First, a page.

Fringe Fest 2 is a multimedia happening that secures art by the people for the people. Fringe Fest 2 will feature the works of local filmmakers (including conSpiritcy by Spirit Skate Shop, Restricted by members of local band Half Inch Head, and animation by the EZ Cheese Brothers), a fashion show by Lo-Frequency Design and music from Seawolf, No-Fi Soul Rebellion, Half Inch Head and Right Turn, Danger. Fringe Fest 2 is a benefit for Thin Air Community Radio -- to help the station build that damn transmission tower! -- with all the show's proceeds going to Spokane's first and only community-run radio station. Fringe Fest 2 comes your way at the B-Side this Saturday night.
And Fringe Fest 2 is evolving -- even as we speak, according to organizer and animation artist Brian Myers.
"Anytime you do something like this that is submission-based, you could get flooded with stuff or get nothing," he laughs. "You could get two tapes. You could get no tapes."
Submit. While there's still time.
Myers began his animation career in 2000 cranking out sick, disgusting and just plain wrong bits of animation for the Web presence of B-movie powerhouse Troma Entertainment (The Toxic Avenger, Class of Nuke 'em High, Surf Nazis Must Die!).
"Yeah, it's pretty twisted stuff," he says of the cartoons he and Half Inch Head's bass player, Tater, produce under the moniker EZ Cheese Brothers. (Those with strong stomachs and a diminished sense of political correctness should check out the Brothers' work at www.sickandfreak.com.)
Myers put on his first Fringe Fest two years ago in Portland, he says, "as a goof."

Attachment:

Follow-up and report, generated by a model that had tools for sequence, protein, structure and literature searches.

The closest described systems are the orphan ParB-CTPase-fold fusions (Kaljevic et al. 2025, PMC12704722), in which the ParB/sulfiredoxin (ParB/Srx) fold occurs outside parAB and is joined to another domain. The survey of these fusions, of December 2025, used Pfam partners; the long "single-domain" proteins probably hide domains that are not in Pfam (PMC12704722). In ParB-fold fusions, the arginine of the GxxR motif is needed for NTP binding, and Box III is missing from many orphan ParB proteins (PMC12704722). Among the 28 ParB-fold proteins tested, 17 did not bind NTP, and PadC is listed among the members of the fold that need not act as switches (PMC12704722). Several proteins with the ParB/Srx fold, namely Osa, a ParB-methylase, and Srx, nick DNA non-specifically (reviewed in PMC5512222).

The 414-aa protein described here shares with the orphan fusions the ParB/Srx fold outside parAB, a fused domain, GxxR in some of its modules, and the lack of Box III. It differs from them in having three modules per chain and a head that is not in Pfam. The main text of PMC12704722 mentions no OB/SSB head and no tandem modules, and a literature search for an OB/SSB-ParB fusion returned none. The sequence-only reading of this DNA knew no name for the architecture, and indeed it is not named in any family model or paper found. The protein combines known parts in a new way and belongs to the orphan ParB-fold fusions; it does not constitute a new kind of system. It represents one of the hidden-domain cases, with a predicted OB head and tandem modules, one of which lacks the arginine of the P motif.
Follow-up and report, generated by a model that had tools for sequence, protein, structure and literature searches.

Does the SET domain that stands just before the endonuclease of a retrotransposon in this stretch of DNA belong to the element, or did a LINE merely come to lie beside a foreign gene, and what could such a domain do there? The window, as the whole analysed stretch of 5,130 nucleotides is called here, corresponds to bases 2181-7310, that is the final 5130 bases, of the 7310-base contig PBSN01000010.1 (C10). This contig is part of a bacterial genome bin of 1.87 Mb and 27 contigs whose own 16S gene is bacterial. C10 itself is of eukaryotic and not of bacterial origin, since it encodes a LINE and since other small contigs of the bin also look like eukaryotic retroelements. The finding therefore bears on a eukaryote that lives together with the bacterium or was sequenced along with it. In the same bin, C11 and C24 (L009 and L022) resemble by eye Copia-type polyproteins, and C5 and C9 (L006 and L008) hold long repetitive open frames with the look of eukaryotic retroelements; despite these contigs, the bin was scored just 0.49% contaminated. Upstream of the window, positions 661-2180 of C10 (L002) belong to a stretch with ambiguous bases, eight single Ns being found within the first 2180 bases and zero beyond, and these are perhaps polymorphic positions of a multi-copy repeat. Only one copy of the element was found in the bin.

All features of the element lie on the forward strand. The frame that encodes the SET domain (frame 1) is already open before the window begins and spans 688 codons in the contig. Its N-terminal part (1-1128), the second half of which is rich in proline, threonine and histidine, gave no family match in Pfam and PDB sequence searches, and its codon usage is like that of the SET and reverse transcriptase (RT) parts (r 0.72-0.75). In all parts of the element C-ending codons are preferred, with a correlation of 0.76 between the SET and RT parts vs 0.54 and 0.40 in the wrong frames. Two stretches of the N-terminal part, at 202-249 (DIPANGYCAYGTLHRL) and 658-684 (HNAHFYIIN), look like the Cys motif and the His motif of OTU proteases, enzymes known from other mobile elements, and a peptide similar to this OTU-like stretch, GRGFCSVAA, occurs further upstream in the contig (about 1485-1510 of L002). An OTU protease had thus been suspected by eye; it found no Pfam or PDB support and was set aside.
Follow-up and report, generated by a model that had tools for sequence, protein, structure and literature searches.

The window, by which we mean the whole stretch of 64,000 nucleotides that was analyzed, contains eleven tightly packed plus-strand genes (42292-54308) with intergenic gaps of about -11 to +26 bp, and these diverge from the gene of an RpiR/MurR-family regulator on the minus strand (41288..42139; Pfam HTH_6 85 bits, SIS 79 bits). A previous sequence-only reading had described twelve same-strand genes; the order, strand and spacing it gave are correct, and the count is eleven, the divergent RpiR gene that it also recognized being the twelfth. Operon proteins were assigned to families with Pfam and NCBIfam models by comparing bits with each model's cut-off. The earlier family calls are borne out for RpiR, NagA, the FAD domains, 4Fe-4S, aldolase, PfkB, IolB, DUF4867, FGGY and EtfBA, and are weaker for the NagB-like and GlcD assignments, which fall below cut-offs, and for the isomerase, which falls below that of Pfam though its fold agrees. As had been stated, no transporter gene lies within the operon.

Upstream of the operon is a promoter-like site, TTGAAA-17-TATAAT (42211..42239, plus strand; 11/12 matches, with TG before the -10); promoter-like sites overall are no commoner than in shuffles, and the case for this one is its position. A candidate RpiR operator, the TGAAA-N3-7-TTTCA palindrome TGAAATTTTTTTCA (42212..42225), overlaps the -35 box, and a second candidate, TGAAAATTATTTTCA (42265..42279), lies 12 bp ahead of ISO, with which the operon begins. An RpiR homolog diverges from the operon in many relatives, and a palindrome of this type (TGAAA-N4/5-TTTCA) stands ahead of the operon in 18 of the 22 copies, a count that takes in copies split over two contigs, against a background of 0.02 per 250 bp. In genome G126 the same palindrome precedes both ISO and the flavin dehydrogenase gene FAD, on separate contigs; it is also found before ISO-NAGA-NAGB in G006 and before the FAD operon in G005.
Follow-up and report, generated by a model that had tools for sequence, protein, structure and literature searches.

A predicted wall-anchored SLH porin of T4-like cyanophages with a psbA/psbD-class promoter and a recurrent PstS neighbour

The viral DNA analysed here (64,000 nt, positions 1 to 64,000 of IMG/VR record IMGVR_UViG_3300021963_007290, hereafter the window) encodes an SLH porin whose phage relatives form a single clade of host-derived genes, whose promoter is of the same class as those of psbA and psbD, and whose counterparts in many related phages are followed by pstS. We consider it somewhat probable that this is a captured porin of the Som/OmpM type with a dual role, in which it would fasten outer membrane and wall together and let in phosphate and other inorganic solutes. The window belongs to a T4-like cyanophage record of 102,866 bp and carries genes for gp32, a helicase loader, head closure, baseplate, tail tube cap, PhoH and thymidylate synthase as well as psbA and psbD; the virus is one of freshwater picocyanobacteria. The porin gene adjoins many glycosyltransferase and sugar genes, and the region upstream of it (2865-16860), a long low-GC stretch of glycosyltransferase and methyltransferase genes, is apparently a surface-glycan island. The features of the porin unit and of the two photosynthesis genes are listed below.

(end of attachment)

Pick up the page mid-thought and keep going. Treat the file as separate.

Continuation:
"There's this small art house theatre in Portland whose owners I met through my work with Troma. We were gonna just do a showing of a little short film and it just kind of spiraled out from there."
Never having put together a film festival before, Myers received a crash education.
"It was successful but really disorganized," he says. "I wanted to do something different this time, something with music and something with more focus. And I like doing benefit shows. They're more fun when everyone has the same goal. It keeps people from getting into their own agendas and sort of focused on the fact that they're doing it for a cause, to make their scene better. While Fringe Fest probably won't get Thin Air as much money as some of their other benefit events, at least it's my contribution. Even if it's only $100, it's money that goes to them to help create a new option for people in Spokane."
Though Fringe Fest is more organized this second time around, Myers says the schedule and the entertainment offerings are still wide open.
"If someone wants to do something and has an act or anything they want to bring to the table -- hey, I'm all for it. It's meant to be kind of open."
Myers, who worked at a college radio station and booked live music shows in Seattle before moving to Spokane (for the first time) in 2000, says he's pleased with the way folks here embrace events like Fringe Fest.
"In Spokane, people are a bit more gracious about the fact that they have an event going on. In places like Portland and Seattle, there's this huge, established art and music scene, and people become accustomed to having events. There's nothing new and they don't really get excited about it unless it's something more well-known in their scene. Portland is a little more open because their scene didn't blow up like Seattle's did. But Seattle is horrendously in-crowd, clique-y and superficial. It's like 'oh, you're not wearing the right kind of horn-rimmed glasses or your corduroy pants aren't quite right or your shirt doesn't say "emo" somehow.' Here, people don't care about that and are a lot more hungry for something to do. It's just a matter of giving them the encouragement to go out there and do it."